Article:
One fifth of drivers say they will use their cars less once the lockdown is over, according to a new AA survey, ‘Life after lockdown’.
The AA-Populus poll of nearly 20,000 drivers revealed that:
- 22% will drive less (increasing to 24% of those over 65)
- 51% will drive as before
- 1% will drive more
- 36% will walk/cycle/run more
Such reductions in car journeys could be significant in terms of cutting congestion and reducing environmental impacts.
78% will see lifestyle changes
In the past, particularly after terror attacks in London, there has been a big drop in public transport use for a period after the incidents. However, parking restrictions and congestion charges in London meant that car use didn’t increase dramatically – instead, more people cycled, walked or used taxis. Other cities with fewer restrictions may see an increase in car use if people shun public transport.
However, changes in transport use and lifestyle changes will be complex:
- 40% will see more of family that they don’t live with
- 40% will do more outdoor activities after lockdown, with 62% of 18-24 year olds agreeing to this compared to 35% of those in the 65+ age group
- One fifth (22%) will conduct more social activities with people they live with, such as days out or even board games after lockdown. This is more of a priority for those aged 25-34 with just under one half agreeing with this (44%)
- 9% will do more volunteering in the community
Currently two thirds (66%) are working from home but one third (34%) are unable to do so. Overall, 11% of all respondents (including those who don’t work) said they would work from home more often once the lockdown is lifted, with this increasing to 23% amongst those aged 35-44. Such changes in working patterns could again lead to a reduction in traffic from both public transport and private vehicles.
First trips after lockdown
When asked what their first trip will be once restrictions on movement have been lifted, visits to friends and family topped the list:
- 38% driving to visit family
- 12% going to the hairdresser/barber. This was highest amongst over 65s (14%) and those living in Scotland (14%)
- 10% heading to the countryside – highest amongst over 65s and those in Scotland, NE, Yorks
- 8% going to the pub – highest amongst 18-24 year olds (16%) and those in the West Midlands (10%)
- 5% making a trip to the beach
- 4% visiting a shopping centre
- 4% travelling for fitness/leisure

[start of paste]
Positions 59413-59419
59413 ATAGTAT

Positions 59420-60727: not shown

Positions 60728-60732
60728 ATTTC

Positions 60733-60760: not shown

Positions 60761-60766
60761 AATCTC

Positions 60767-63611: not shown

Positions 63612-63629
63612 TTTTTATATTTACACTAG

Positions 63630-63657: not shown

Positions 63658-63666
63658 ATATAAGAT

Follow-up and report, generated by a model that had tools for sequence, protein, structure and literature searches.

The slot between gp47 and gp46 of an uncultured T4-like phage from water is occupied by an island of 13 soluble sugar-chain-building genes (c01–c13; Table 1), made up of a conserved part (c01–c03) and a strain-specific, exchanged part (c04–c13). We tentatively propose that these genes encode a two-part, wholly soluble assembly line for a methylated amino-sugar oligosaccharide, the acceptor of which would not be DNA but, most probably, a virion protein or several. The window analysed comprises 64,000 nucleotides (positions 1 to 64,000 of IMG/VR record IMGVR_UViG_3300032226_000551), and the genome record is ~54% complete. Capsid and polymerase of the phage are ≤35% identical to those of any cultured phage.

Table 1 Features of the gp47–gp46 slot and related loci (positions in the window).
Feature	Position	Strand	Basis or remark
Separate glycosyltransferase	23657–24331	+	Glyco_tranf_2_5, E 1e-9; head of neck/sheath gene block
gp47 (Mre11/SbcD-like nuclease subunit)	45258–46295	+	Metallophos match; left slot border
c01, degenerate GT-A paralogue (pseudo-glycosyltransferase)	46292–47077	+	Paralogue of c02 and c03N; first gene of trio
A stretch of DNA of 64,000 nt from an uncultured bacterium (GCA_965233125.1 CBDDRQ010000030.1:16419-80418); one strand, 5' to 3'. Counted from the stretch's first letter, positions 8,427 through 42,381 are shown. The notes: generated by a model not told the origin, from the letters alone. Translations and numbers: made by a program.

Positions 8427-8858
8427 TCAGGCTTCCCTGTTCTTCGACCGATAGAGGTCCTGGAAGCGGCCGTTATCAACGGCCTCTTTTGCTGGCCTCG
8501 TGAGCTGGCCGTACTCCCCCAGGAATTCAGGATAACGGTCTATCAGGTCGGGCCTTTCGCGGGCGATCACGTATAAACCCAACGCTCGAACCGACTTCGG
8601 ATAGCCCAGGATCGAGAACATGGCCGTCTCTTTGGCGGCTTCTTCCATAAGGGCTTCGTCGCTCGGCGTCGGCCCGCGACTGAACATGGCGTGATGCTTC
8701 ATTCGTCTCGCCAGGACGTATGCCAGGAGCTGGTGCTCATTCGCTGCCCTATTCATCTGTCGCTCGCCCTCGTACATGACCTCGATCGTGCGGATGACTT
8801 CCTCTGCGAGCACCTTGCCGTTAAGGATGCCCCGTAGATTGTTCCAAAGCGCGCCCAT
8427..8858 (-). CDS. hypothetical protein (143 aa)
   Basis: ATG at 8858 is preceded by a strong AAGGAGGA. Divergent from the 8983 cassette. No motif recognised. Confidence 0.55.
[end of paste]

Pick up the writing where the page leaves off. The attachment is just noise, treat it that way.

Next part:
- 1% to the cinema
- 10% didn’t know where their first post-lockdown trip would be
Commenting, Edmund King OBE, AA president, said: “Potentially there could be major changes to the way we travel post-lockdown. Analysis suggests that one fifth might use public transport less in cities post-lockdown**. Outside of London which has parking and congestion charging restrictions, we could see an increase in car use in other cities where people shun public transport for fear of the virus.
“However, this trend may be countered with a change in driving patterns by those who normally drive but have got used to leaving the car at home during lockdown. More than one in five say they will drive less after restrictions are lifted. It is also likely that at least one in ten will work from home more often.
“There will still be a demand for new and used cars but people may just use them slightly less which will reduce congestion and bring environmental benefits.
“Many people will remain dependent on their cars even if they use them less often. Currently the AA is rescuing 100 NHS staff every day free of charge due to car breakdowns. Those working shifts, or at night or in remote areas are totally dependent on their cars and that will continue.
“Life after lockdown will be different. Some will shun public transport, others will drive less, more will cycle and walk, working from home will continue for many. Some drivers who have appreciated lower traffic noise, fewer and shorter journeys, may be prompted finally to buy an electric vehicle. All in all, life will return and the increase in car use in some areas instead of public transport will be countered by others realising that they can use their cars less by working from home or even walking and cycling more”.